Tuesday, July 26, 2011

Angers, the Dukes of Anjou, and good king Rene

Angers is the hometown of the Anjou Plantagenet dynasty. In 851, the Count of Anjou set up a lookout post at the confluence of the Loire and Maine rivers to deal with marauding Normans. The spot had also been occupied in Neolithic and Roman times. From the 13th to the 15 centuries a fortress was built and expanded and is known as the Angers chateau.

It has 17 massive towers, a beautiful chapel, a royal residence, gardens, a governor's house, and a massive moat. The moat was never filled with water and housed King Rene's menagerie. It has been filled with gardens since 1910.

The chateau houses the famous Apocalypse tapestry, the largest and oldest tapestry in existence. It was commissioned by the Duke of Anjou, Louis I, in 1375, took 7 years to complete and was 140 meters long and 4.5 meters tall. It tells the story of the Apocalypse based on an 11th century text of St. John. The surviving remnant is only 100 meters long!

The detail and artistry of the tapestry is amazing.

The four horsemen of the Apocalypse are represented, as well as floods, fire, and the fall of Babylon. The number seven plays a significant role and the devil is a 7 headed dragon. The tapestry was housed for 400 years in the local cathedral after King Rene died and was buried there. It is a gothic cathedral in the Angevin style.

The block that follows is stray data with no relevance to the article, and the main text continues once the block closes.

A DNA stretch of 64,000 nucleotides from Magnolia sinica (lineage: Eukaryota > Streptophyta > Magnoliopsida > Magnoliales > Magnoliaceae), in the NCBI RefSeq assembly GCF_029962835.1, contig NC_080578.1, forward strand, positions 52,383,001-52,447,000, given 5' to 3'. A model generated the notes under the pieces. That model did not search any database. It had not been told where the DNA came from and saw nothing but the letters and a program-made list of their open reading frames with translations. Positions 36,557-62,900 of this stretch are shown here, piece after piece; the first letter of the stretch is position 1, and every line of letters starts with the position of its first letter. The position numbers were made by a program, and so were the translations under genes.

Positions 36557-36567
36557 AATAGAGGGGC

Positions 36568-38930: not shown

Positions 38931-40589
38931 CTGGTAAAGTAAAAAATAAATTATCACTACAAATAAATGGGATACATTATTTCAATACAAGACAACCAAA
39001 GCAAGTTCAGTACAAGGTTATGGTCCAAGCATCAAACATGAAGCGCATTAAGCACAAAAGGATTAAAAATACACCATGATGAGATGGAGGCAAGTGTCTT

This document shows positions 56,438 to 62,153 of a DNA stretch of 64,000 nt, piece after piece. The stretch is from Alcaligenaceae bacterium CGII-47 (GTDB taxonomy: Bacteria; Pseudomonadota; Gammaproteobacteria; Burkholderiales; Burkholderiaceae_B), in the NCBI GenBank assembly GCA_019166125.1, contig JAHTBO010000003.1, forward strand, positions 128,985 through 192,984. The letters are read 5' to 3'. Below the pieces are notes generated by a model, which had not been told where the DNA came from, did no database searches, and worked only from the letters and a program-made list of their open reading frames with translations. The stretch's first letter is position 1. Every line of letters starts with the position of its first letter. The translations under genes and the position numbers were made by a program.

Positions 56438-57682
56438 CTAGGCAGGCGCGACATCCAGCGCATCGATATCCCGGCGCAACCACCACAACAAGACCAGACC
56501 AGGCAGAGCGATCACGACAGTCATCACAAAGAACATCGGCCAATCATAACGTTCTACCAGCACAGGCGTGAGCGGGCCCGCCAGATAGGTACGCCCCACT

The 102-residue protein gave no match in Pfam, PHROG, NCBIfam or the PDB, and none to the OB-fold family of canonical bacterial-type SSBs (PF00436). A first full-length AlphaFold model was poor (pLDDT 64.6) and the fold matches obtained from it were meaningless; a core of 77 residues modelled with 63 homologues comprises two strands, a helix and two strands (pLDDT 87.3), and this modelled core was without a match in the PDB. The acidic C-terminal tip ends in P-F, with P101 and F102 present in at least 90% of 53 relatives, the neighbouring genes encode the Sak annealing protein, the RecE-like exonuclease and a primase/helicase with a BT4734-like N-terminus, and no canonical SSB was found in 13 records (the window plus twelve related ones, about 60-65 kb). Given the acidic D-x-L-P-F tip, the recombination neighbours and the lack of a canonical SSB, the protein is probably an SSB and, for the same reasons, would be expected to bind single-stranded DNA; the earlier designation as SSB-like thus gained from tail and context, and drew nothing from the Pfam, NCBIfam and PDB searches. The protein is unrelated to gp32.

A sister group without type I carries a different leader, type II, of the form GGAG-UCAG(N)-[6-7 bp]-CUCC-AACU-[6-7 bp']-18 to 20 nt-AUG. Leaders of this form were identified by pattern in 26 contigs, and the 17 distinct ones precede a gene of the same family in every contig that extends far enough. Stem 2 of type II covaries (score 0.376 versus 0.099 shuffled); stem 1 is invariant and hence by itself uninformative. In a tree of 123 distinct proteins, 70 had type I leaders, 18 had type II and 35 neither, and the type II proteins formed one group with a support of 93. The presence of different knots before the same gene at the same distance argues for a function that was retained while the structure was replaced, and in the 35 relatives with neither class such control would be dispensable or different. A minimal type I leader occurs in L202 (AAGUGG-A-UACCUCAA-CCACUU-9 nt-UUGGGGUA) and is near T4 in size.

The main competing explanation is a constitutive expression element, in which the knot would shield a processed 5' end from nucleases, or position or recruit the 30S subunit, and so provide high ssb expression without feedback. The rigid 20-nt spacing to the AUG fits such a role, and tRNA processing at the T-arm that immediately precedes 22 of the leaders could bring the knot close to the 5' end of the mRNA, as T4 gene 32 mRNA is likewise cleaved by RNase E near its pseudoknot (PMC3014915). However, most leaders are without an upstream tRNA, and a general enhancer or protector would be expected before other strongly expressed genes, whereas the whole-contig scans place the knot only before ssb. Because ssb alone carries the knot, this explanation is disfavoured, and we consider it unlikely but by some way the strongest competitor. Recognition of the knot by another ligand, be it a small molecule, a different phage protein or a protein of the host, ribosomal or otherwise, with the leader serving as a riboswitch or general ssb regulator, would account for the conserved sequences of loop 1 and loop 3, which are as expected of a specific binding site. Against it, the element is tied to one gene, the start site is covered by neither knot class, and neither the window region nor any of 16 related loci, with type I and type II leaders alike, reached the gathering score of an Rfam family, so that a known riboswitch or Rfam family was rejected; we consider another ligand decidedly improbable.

We also visited a local museum containing the work of a local sculptor who was world renowned in the 1800's. David D'Angers sculpted 40 large pieces as commissions for towns and cities across Europe. His statues are representations of important historical figures and the museum houses the plaster originals.

He also sculpted portrait busts of important men living at the time. He did this out of respect for their accomplishments and in the process got to know some very important people. The gallery of busts includes writers, scientists, musicians and political figures. Goethe and Lafayette are shown below.

The city contains many old houses from the late 1300's and early 1400's with amazing wood carvings on the facades.

Over the years we have tried to eat at a Mexican restaurant in each country we visit. So far, in two visits each, this goal has eluded us in Italy and Greece. Last night we found a Mexican restaurant in France and enjoyed a great meal complete with jalapenos!

Angers is a fascinating city that deserves more exploration than we have time to give it. But today we ride north on a two or three day journey to Mont St. Michel to see the famous monastery there.


Daniel said...

I'm glad you guys got good mexican food there. I went to a mexican restaurant when I was in Paris, and it was pretty terrible.

Dave and Belinda said...

Hi Daniel, great to hear from you! Well.. The Mexican food we had was good, but I'd rather have a pastor burrito from Don Pepe's.

Brenda and Ray said...

We were eating Mexican food in your honor, though made in our kitchen, so no comment on the quality of cuisine, please! Some of the great medieval French epics that I spent my time on in the long distant past were from Anjou. So glad you are there to see the real thing. We miss you. R & B

Dave and Belinda said...

Hey Ray and Brenda, bon apetit! Glad to hear from you. We hope things are a little calmer for you and you are recovering from your hectic schedule.